Isn’t it only viral infection that we build immunity to, because our bodies develop the antibodies needed to fight viral infections that don’t kill us outright? And isn’t that why we aren’t subject to repeated viral infections of the same disease? As far as I’ve ever known we have no bacterial antibodies, do we? I realize that the immune system does provide some defense against bacterial disease, which is why problems with food poisoning, for example, always hit hardest against “the very young, the very old, and those with compromised immune systems”. I confess that I don’t know how that occurs, but I’ve never heard of a process by which we ‘build up immunity’ to bacterial infection.

So how can sanitizing detract from our bodies’ ability to fight off these types of illness?

Kardamom's avatar

All I know is that since I’ve been following the practices that I listed in my post above, which were based on what the hospital does, and what was recommended by the staff when my Dad left the hospital, I haven’t been sick once.

I used to be plagued by terrible colds that always turned into bronchitis and I would be sick for months. A few of these illnesses were brought on by interacting with my little nephew who played on a “jump for joy” at Sea World, that I’m sure was contaminated by fecal matter. I also try to avoid at all costs, people who have the sniffles, a cold or flu, unless I’m the one that has to take care of them. Then I cover my mouth and wash and use sanitizer like it’s going out of style.

Ever since that episode, I sanitize my nephew’s hands after he plays on any of those interactive things that toddlers like. Things that toddlers touch or sit on (if you get my drift) are the filthiest, germiest places in town. The doctor even told us to keep my nephew clear of my Dad until he was entirely healed up.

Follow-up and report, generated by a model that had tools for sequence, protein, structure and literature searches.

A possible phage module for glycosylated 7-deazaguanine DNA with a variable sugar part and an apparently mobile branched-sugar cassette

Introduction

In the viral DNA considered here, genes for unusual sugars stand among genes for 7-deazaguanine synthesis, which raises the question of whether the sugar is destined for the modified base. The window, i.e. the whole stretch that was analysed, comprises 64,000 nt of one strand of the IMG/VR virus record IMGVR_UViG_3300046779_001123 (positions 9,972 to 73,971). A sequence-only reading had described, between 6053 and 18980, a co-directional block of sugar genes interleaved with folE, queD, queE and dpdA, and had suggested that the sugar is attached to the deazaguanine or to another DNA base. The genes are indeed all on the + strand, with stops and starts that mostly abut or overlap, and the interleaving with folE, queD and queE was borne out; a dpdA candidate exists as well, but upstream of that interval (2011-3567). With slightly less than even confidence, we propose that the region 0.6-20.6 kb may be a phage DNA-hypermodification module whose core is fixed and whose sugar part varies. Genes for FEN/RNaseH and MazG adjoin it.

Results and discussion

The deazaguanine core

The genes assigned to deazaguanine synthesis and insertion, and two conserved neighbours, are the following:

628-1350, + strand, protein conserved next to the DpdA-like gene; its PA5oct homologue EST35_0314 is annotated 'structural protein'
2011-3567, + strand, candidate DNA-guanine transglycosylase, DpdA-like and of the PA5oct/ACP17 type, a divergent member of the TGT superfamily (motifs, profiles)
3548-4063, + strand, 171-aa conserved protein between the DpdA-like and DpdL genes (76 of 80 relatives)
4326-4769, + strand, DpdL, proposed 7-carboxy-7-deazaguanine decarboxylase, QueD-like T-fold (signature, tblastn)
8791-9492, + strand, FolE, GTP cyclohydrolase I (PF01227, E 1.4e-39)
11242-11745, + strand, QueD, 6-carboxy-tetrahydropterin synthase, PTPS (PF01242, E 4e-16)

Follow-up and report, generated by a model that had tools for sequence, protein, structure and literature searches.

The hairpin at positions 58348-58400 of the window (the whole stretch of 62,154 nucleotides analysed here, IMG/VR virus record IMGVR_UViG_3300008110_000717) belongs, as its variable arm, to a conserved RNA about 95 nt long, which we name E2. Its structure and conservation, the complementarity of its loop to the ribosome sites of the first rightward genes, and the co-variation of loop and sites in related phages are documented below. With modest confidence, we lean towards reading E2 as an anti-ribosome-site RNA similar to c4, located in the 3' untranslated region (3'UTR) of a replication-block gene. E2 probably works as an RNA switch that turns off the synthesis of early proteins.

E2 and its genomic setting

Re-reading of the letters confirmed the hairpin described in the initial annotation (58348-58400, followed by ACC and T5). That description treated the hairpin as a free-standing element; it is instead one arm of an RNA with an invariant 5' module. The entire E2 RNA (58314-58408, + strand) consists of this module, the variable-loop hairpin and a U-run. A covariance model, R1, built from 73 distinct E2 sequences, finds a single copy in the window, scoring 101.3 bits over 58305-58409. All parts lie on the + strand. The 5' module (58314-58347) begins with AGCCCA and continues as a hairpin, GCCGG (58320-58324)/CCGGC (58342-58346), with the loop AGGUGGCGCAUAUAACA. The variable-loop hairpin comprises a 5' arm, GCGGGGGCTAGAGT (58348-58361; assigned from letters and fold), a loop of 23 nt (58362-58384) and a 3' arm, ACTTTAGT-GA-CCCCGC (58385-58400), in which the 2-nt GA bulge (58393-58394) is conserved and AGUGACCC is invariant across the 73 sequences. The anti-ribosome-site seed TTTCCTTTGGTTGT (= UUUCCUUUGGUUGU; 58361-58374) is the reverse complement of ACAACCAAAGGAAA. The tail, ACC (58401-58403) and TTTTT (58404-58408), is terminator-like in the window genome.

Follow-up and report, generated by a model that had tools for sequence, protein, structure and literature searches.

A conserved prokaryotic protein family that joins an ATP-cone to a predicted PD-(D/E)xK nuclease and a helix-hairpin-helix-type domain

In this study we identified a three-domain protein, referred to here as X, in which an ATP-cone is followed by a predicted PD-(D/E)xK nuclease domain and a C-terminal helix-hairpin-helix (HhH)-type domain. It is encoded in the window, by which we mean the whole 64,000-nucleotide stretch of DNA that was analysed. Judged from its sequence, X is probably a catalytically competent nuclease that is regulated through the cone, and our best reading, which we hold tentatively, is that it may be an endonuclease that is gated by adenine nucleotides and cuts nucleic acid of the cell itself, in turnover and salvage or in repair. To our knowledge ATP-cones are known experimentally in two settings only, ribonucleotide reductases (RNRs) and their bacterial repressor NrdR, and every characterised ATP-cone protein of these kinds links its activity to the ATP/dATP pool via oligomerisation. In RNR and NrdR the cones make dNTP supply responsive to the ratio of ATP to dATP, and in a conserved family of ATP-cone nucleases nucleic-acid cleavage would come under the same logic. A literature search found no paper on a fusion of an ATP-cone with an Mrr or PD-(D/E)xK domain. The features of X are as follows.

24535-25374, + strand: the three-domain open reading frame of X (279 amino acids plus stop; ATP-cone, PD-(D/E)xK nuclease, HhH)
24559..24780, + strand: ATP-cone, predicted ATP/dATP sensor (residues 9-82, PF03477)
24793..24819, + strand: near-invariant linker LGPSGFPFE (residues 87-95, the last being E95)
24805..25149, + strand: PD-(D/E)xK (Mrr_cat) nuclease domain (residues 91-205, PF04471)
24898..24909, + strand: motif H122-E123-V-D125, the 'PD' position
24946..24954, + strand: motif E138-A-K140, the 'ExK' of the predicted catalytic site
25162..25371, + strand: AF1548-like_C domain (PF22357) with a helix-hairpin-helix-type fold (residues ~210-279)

And the grocery store cart seat is another place where you are likely to pick up that same kind of stuff. I carry sanitizer and wipes in my purse and wipe down those things that I suspect has come into contact with a baby’s butt, boogery nose or some adults germy, flu- infested or piss-covered fingers (like doorknobs at public restrooms, stores and restaurants and tables at restaurants—ever seen those constantly used towels that they use to wipe off the table?).

I actually bought my best friend travel size bottle of hand sanitizer for his car. He was so pleased. He was always very neat and tidy. Neither one of us has been sick in years, whereas everyone around us is sick all the time. They don’t buy into the cleanliness routine.

crisw's avatar

@CyanoticWasp

Yes, you do develop antibodies to bacteria, just as you do to viruses, and in the same way. And some of the diseases that we receive immunizations for are bacterial, like tetanus.

CyanoticWasp's avatar

Thanks, @crisw. You’re right about tetanus, of course. I had completely forgotten about that. Still, that’s not a blanket refutation of my assumption, is it? Because it still seems to me that we can’t be immunized against most bacterial infections, such as strep, staph, salmonella and others whose names I can’t even recall.

I’m aware of the ongoing current discussions about whether raising children in “too-clean” environments makes them potentially susceptible to certain ailments, but I’m waiting to see more science to either prove or disprove those theories. (I haven’t seen them as more than theories / hypotheses yet.)

I’m also aware that we’ve learned to live in a sort of symbiosis with certain bacteria, such as the e coli that live in our gut… when they stay there!… and that they themselves protect against other bacteria that might be ingested. But we’re not talking about killing bacteria inside ourselves here, either.

Apparently this is a topic that I should start to educate myself about more especially in light of my exceptionally rudimentary housekeeping talents and efforts.